Jenny Hottle//June 13, 2014
//June 13, 2014
Maryland continues to lead the country in technology and entrepreneurship, ranking first for the third year in a row in the U.S. Chamber of Commerce Foundation’s annual Enterprising States report.
The state ranked first for its high STEM job concentration, academic research and development activity. Nationally, jobs in STEM fields — science, technology, engineering, math — are among the fastest-growing fields, according to the report. But with that comes an increasing disconnect between the skills employers require and the skills workers have entering those industries.
Area entrepreneurs and employers say Baltimore and the state are working to close this gap through increased focus on STEM field-related skills and education.
“The city and Maryland have a high need for computer skills, computer literacy, people who are ready to jump into these government jobs and cybersecurity,” said Deborah Tillett, president of the Emerging Technology Centers, a nonprofit business incubator. “And lots of time entrepreneurship is driven by technology. You need those skills’ workers. But Baltimore has been ahead of the curve.”
About 217,000 STEM workers make up 7.7 percent of the state’s employed population, the most concentrated STEM workforce in the country, according to the report. Maryland ranks third in the country for its talent pipeline, connecting secondary schools and colleges to local and national businesses.
In Baltimore, several technology education startups mentor students and help them gain entrepreneurial and programming skills to pursue STEM jobs. The Digital Harbor Foundation teaches teenagers coding, circuitry and game development. SeeFuture connects students with professional mentors.
“Lots of people are trying to go after these fields,” Tillett said. “We certainly have those kinds of jobs available, and people are trying to fill them.”
At nonprofit group , low-income and unemployed people can take IT certification courses and gain technical field experience. Certificate recipients have gone on to work for companies such as Lockheed Martin Corp. and Verizon.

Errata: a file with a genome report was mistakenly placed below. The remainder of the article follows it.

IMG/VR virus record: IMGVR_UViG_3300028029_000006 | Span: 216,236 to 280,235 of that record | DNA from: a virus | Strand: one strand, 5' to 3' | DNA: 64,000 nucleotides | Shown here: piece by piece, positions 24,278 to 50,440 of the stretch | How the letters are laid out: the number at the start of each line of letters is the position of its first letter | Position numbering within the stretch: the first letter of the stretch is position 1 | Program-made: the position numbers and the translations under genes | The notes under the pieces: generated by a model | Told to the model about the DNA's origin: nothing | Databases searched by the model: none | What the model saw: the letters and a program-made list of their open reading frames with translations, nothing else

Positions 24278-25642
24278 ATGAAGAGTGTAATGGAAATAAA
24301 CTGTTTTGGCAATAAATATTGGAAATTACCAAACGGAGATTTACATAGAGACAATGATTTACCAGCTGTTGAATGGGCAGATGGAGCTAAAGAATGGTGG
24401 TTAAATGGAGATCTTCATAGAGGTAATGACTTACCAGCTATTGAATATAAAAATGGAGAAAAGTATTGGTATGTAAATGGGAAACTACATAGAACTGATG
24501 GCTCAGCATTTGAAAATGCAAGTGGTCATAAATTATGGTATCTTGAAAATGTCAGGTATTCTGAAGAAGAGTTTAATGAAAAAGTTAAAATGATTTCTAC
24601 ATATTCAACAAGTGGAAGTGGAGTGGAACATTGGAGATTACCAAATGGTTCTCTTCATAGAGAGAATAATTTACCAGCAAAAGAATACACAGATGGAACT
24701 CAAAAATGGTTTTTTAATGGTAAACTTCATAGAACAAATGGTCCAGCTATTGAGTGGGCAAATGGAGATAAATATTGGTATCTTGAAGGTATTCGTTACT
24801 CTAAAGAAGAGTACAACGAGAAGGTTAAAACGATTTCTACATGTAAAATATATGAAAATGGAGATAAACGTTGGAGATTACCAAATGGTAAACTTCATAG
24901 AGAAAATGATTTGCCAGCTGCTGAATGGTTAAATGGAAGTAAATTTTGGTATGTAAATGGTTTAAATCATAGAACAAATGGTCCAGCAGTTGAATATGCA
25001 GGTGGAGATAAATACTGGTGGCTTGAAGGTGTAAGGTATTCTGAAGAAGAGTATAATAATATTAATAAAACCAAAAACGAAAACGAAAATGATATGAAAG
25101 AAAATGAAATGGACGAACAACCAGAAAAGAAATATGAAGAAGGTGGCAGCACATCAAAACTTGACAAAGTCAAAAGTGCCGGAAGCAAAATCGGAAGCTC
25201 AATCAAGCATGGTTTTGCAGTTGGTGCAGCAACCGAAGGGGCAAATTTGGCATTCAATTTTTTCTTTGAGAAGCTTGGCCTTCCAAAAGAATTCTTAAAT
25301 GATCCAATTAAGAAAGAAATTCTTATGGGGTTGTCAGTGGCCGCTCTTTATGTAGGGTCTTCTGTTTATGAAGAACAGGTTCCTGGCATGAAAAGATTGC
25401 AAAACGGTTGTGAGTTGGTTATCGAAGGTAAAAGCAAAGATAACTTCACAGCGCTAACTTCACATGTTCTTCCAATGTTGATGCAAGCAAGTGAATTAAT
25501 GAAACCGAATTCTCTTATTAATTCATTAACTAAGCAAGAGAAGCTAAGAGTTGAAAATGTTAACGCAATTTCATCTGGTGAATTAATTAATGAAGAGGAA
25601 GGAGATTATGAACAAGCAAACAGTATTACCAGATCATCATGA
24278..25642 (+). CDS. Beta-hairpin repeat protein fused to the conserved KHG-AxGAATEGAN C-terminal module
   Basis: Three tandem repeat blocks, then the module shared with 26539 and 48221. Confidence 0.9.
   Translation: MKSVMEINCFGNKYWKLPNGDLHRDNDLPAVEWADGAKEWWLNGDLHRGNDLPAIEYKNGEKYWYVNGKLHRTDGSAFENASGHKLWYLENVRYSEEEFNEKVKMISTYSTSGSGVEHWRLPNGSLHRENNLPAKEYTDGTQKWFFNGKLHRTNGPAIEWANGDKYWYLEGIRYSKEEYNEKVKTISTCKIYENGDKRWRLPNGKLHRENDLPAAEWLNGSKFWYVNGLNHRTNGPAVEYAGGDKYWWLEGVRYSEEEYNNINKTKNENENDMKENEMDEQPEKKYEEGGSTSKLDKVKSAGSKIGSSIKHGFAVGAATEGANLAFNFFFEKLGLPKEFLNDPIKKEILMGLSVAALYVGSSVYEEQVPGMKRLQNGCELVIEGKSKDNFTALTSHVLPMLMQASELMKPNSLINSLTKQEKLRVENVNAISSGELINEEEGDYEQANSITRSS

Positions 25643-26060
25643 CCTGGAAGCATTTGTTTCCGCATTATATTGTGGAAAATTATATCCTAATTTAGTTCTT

One hurdle that stands in the way of filling the job skills gap is experience, Digit All Systems CEO Lance Lucas said. Employers are more likely to hire someone with one or two years of experience than someone who just has a certificate or degree, he said.
“Education hasn’t quite caught up with the job market,” Lucas said. “We have to have companies lead the way. Employers have to work with the schools to let them know what they need right now.”
More than 44 percent of CEOs say there is also a gap in “soft skills,” such as communication, critical thinking and collaboration, according to the Enterprising States report. Schools in the state are working to combat this issue.
In fall 2012, the University of Maryland updated its general education requirements for undergraduates as a response to employer concerns. Doug Roberts, associate dean for general education, said the university often reviews national reports and surveys employers about what skills they value. One finding: Students weren’t doing well in job interviews because they lacked strong communication skills.
The university’s revised general education program includes courses that teach oral and written communication, complex problem solving and analytical reasoning.
“The skills tend to be universal,” Roberts said. “You’re not just regurgitating answers from a book or what a professor said in front of a classroom. The courses require you to take a stand and justify it, foster critical thinking analysis and form an opinion.”
Ultimately, filling the skills gap could create more jobs, lower the unemployment rate and generate revenue, according to the Enterprising States report. But policymakers are looking at new ways of investing in communities, and employers are improving their ways of targeting their resources and the education system, said Jason Tyszko, senior director of policy for the U.S. Chamber of Commerce Foundation’s Center for Education and Workforce.
“In the case of Maryland, which has scored high on this report, there’s great STEM activity taking place,” Tyszko said. “But the skills gap and the states it may threaten are ones where STEM activity is high. Those are the ones that need to be on guard. You need to address those talent pipelines.”e